Arts & Culture

Wuthering Heights

      Emily Brontё’s Wuthering Heights is arguably the greatest Gothic novel of all time. It contains all the elements that define its genre – a derelict manor, a dark and desolate landscape, a tall man shrouded in mystery, and several strange supernatural encounters – as well as a sweeping array of human emotion, symbolism, and cultural references. The latter qualities are what set this novel apart as a true classic.

      Brontё would certainly have read and been influenced by the works of the Romantic poet, Lord Byron. Byron became famous for his passionate, reckless, and immoral lifestyle. He created what is now termed the “Byronic hero,” a tall, dark and handsome character archetype partly inspired by Bryon’s own persona. Despite its portrayal as a romantic antihero by many Gothic novels and some modern books and films, the “Byronic hero” is anything but heroic. As Brontё suggests in Wuthering Heights, this kind of character is fundamentally selfish and often cruel.

      Brontё’s protagonist Heathcliff is passionate, brooding and mysterious – a “Byronic hero” to the core. He seeks to revenge himself upon those who have mistreated him or prevented him from being with Catherine, the woman he loves almost obsessively. But his love for Catherine only focuses on himself; his desperate search for revenge never brings him contentment. Rather than glorifying his Byronic tendencies, Brontё may have created Heathcliff to criticize this kind of “hero.”

      Passion and emotion also play a major role in Wuthering Heights, forming an almost supernatural force that dictates the actions of the majority of the major characters. Their significance is most clearly seen in the relationship between Catherine and Heathcliff. Every decision they make is motivated by an unhealthy obsession with one another, an obsession that nearly drives Catherine mad and haunts Heathcliff for years after her death. They are both ruled by emotions which destroy their own relationship, and their relationships with those surrounding them.

      However, Brontё’s work does not praise Cathy and Heathcliff’s relationship, or even suggest that such a connection can actually exist. Wuthering Heights is partly a cautionary tale which warns against allowing oneself to be ruled exclusively by passion and emotion.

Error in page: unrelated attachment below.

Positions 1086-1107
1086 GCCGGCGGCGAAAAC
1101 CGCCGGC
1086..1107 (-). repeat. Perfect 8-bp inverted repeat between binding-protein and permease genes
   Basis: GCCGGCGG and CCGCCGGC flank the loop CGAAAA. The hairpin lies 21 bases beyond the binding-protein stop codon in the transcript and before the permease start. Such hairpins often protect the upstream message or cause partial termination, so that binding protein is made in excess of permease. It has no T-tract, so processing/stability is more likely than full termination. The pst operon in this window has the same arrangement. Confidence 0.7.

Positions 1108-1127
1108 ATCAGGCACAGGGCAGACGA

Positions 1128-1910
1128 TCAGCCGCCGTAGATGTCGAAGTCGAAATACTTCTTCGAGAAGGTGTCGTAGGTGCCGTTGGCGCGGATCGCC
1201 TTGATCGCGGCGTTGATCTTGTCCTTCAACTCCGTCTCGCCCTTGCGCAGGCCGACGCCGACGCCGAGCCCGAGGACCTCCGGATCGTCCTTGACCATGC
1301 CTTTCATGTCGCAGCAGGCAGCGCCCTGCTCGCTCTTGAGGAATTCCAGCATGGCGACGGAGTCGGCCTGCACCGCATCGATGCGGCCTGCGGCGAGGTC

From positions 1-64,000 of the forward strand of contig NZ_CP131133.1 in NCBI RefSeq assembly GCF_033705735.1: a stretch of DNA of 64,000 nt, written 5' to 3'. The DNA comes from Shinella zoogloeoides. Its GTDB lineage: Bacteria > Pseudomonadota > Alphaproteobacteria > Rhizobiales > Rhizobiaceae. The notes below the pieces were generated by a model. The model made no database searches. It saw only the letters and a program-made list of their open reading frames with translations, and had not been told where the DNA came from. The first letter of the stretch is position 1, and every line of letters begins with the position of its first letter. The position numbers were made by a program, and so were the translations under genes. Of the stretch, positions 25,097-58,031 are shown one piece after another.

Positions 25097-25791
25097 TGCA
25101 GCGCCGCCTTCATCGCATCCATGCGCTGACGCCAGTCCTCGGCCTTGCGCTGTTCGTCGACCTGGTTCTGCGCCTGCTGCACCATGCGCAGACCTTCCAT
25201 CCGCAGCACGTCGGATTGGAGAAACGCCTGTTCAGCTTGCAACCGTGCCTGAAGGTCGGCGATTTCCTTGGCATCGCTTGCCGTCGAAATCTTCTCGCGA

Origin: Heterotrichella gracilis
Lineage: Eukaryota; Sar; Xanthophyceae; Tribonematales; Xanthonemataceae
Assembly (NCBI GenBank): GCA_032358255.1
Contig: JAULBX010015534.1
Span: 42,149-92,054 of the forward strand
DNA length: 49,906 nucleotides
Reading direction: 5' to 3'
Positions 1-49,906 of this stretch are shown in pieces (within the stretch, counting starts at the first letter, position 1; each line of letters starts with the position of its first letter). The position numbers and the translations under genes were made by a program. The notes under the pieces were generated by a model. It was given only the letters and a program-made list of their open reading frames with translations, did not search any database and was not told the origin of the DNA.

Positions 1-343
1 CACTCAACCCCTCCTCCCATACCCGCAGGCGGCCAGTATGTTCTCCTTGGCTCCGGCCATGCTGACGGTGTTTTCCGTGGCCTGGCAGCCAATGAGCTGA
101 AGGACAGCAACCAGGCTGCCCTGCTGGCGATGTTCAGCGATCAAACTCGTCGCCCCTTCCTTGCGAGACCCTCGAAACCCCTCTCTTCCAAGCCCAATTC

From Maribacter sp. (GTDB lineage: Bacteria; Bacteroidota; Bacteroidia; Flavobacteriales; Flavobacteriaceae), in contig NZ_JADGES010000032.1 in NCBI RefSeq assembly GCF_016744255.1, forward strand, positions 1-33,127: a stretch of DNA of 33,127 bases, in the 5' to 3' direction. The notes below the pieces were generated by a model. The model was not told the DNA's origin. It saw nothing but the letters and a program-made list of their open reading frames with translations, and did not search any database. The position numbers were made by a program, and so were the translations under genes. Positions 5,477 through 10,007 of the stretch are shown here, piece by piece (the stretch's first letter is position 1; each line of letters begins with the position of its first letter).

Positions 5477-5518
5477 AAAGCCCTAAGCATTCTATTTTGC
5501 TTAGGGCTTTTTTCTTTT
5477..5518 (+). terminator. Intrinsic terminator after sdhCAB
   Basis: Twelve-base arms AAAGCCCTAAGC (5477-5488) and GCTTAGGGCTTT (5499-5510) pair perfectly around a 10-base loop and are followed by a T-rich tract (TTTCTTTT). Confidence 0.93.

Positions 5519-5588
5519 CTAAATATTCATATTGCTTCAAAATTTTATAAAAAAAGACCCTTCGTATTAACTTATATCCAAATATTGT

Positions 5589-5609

Writers have access to a wide range of tools with which to craft their prose. Literary devices such as alliteration, symbolism, simile, and setting add color to an author’s work, while challenging their readers to think about the topics they discuss in a new or unconventional way. In Wuthering Heights, Brontё relies heavily on setting and symbolism to convey her ideas to her audience. She uses the isolated, tempestuous setting of her novel to symbolize Catherine and Heathcliff’s relationship, suggesting that a selfish love such as theirs will ultimately lead to a life as desolate as the moors themselves.

      At the story’s beginning, Brontё likens the hostile, windswept landscape in which Heathcliff lives to several of his personal attributes. She hints that Heathcliff is as solitary and hostile as his surroundings and draws comparisons between the environment and his relationship with Catherine. The tale of Catherine and Heathcliff is deeply entrenched in their wild, windswept home; Brontё ensures that this setting never fails to draw the reader’s attention to her point of view.

      Brontё also suggests that, despite the strength of their bond, Catherine and Heathcliff’s relationship is fundamentally selfish and unhappy. In one scene, Catherine says that she can’t be happy without Heathcliff, but cares little for his own suffering. Moments like these illustrate the wild, tempestuous nature of Catherine and Heathcliff’s love, while simultaneously revealing its selfishness – they only desire to own one another, despite the misery this attitude creates. Although they seek happiness together, their self-centered behavior prevents them from ever achieving it.

      However, Brontё’s story is not as entirely dark as Catherine and Heathcliff’s twisted love story might suggest. Cathy Linton Jr. (Catherine’s daughter) and Hareton Earnshaw (Heathcliff’s ward) choose a different path than their predecessors by striving to demonstrate selfless love to one another. Their initial relationship is not passionate or even amicable. In fact, they despise one another. Cathy’s obvious disdain for Hareton embarrasses him, resulting in hostility on both sides. They eventually realize they are equally flawed and try to treat one another kindly.

      Again, Brontё highlights their relationship through setting. Near the book’s conclusion, Hareton helps Cathy transplant flowers from Thrushcross Grange to Wuthering Heights. The Grange has served as a constant source of warmth and love throughout the book; these flowers are symbolic of the genuine love which now permeates throughout Wuthering Heights. In this way, Brontё offers her readers a hopeful antidote to the darkness she explores within Catherine and Heathcliff’s relationship, lest they become disillusioned with love altogether.

 

Photo credits: © 2012 – Oscilloscope Pictures

4 Comments

  1. Neat article!

  2. Wuthering Heights is such a great book, and you really delved deep into it. Fantastic job!